One last advantage to the this approach is that society to gain a real knowledge of what actually needs to happen. As long as the homeless remain invisible to us then we are just guessing as to what needs to happen to deal with the problem of homelessness. But when we begin to be involved with just those sleeping in our area then we no longer have to guess, but we can actually know what they need and how to solve the problem.
Behold! The Individual
Just as the neighborhood is an effective tool in making progress with homelessness, the individual is also an effective resource. What I mean is that we often look on the homeless as uneducated, unwise and just plain weak. However, we have to realize that they too are human and therefore can understand how to make decisions. Now, maybe some of them have not made good decisions, but we are all guilty of that.
I have learned in my many years of work with the homeless is that they are more than capable of figuring out their way if we just give them permission and get out of the way. We often get in their way by judging them, calling the police on them for simply sleeping outside or by pushing them down in various ways.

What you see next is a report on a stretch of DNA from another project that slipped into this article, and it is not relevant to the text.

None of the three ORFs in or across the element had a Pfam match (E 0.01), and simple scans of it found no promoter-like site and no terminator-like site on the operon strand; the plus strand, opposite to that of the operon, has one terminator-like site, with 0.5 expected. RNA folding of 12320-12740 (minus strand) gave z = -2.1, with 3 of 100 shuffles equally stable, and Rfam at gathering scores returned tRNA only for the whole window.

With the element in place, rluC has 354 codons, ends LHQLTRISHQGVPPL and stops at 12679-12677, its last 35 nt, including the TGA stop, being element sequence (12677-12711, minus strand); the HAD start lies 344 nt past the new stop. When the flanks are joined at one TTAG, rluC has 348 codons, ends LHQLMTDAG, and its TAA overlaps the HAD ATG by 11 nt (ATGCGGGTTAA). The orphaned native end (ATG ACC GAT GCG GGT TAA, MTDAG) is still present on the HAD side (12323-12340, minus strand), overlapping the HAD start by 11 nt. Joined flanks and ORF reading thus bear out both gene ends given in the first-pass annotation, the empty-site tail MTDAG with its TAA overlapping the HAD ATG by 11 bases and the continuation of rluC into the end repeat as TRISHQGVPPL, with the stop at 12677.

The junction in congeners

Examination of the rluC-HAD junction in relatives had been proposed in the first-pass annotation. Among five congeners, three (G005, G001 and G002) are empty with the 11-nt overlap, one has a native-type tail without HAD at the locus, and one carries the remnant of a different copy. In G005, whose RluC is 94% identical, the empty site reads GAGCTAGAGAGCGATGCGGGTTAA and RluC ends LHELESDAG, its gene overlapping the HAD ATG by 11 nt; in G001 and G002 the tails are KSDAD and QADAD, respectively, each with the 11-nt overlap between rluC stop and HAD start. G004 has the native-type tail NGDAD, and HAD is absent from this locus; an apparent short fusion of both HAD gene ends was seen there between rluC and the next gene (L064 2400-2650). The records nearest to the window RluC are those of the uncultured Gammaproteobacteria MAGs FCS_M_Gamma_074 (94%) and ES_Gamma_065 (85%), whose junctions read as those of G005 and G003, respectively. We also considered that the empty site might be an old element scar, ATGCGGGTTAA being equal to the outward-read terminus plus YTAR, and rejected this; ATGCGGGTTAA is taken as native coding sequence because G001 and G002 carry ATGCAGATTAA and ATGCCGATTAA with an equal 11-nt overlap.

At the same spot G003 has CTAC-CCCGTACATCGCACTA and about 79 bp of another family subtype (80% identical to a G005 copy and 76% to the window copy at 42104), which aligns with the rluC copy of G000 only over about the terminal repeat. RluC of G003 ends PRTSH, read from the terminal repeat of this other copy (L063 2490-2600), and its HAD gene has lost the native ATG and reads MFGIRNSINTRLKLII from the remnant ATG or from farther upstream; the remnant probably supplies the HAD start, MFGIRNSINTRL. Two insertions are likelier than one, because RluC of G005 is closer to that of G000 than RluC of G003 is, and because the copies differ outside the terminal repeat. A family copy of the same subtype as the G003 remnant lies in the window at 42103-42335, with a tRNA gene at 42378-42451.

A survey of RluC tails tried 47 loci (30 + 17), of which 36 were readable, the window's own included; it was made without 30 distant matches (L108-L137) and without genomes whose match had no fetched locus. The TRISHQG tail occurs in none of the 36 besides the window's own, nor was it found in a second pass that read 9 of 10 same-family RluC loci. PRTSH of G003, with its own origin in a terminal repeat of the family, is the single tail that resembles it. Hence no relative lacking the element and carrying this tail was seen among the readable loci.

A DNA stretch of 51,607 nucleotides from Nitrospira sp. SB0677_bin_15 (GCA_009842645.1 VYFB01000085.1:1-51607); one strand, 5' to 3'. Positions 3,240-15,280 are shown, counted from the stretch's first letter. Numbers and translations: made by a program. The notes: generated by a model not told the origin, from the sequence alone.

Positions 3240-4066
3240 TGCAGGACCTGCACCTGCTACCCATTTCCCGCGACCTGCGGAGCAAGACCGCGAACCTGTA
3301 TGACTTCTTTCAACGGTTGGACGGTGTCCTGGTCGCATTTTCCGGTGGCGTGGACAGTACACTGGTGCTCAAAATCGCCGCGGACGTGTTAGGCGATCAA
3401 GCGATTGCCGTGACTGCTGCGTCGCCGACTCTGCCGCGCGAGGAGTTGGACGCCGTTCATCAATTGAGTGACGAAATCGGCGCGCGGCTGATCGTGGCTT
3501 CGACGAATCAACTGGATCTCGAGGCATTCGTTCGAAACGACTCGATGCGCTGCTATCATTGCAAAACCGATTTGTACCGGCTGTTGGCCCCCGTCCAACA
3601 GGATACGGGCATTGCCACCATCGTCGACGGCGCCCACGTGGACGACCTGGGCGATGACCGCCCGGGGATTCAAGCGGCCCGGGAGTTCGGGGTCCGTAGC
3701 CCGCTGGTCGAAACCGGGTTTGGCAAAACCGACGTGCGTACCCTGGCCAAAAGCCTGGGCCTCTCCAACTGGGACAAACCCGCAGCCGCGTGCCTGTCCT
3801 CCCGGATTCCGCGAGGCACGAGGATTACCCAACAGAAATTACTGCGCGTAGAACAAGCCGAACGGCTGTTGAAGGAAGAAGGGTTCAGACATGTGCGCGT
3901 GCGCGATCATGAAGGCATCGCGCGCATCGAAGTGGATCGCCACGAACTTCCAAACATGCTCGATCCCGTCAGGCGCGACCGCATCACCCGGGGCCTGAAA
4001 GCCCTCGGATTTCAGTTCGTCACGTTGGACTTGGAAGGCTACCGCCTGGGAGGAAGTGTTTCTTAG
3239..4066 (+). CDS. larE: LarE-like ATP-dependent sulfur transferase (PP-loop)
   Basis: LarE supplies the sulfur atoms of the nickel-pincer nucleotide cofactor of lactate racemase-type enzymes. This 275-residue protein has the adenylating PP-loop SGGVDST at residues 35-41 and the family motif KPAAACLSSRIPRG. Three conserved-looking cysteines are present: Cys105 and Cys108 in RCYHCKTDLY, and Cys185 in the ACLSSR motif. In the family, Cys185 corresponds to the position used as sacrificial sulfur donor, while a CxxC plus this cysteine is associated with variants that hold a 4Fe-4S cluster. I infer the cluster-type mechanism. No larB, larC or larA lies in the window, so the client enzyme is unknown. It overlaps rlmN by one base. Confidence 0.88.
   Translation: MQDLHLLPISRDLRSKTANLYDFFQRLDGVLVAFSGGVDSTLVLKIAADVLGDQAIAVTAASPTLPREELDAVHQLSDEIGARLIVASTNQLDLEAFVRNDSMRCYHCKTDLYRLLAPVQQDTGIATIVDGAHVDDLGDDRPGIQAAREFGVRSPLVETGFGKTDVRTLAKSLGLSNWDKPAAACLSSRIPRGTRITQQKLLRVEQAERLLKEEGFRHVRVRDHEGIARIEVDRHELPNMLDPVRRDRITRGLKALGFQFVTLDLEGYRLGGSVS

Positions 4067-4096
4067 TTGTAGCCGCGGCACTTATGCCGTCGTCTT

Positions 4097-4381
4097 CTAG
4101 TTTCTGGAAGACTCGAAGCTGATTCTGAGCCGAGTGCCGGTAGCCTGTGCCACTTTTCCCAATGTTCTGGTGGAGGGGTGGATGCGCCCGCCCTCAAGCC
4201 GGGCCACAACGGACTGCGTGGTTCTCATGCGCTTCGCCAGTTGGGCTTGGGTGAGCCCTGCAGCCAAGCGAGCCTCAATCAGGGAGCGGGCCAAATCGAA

Keep in mind that there are many laws in place that should be eliminated due to the fact that they keep people trapped in poverty. Too, there are many programs that do the same thing. If we would get out of the way and be a cheerleader for homeless individuals then experience tells me that they will thrive and do the right thing. The homeless often have enough negative voices in their head without us adding to it. Think of all the times where you failed to make progress because of the negative voices in your head. Now, imagine all of society being a negative voice.
Concrete Steps to Action
So, how do we take action within our neighborhood in dealing with the homeless problem that has now become a pandemic? Following are steps we can take and see great results.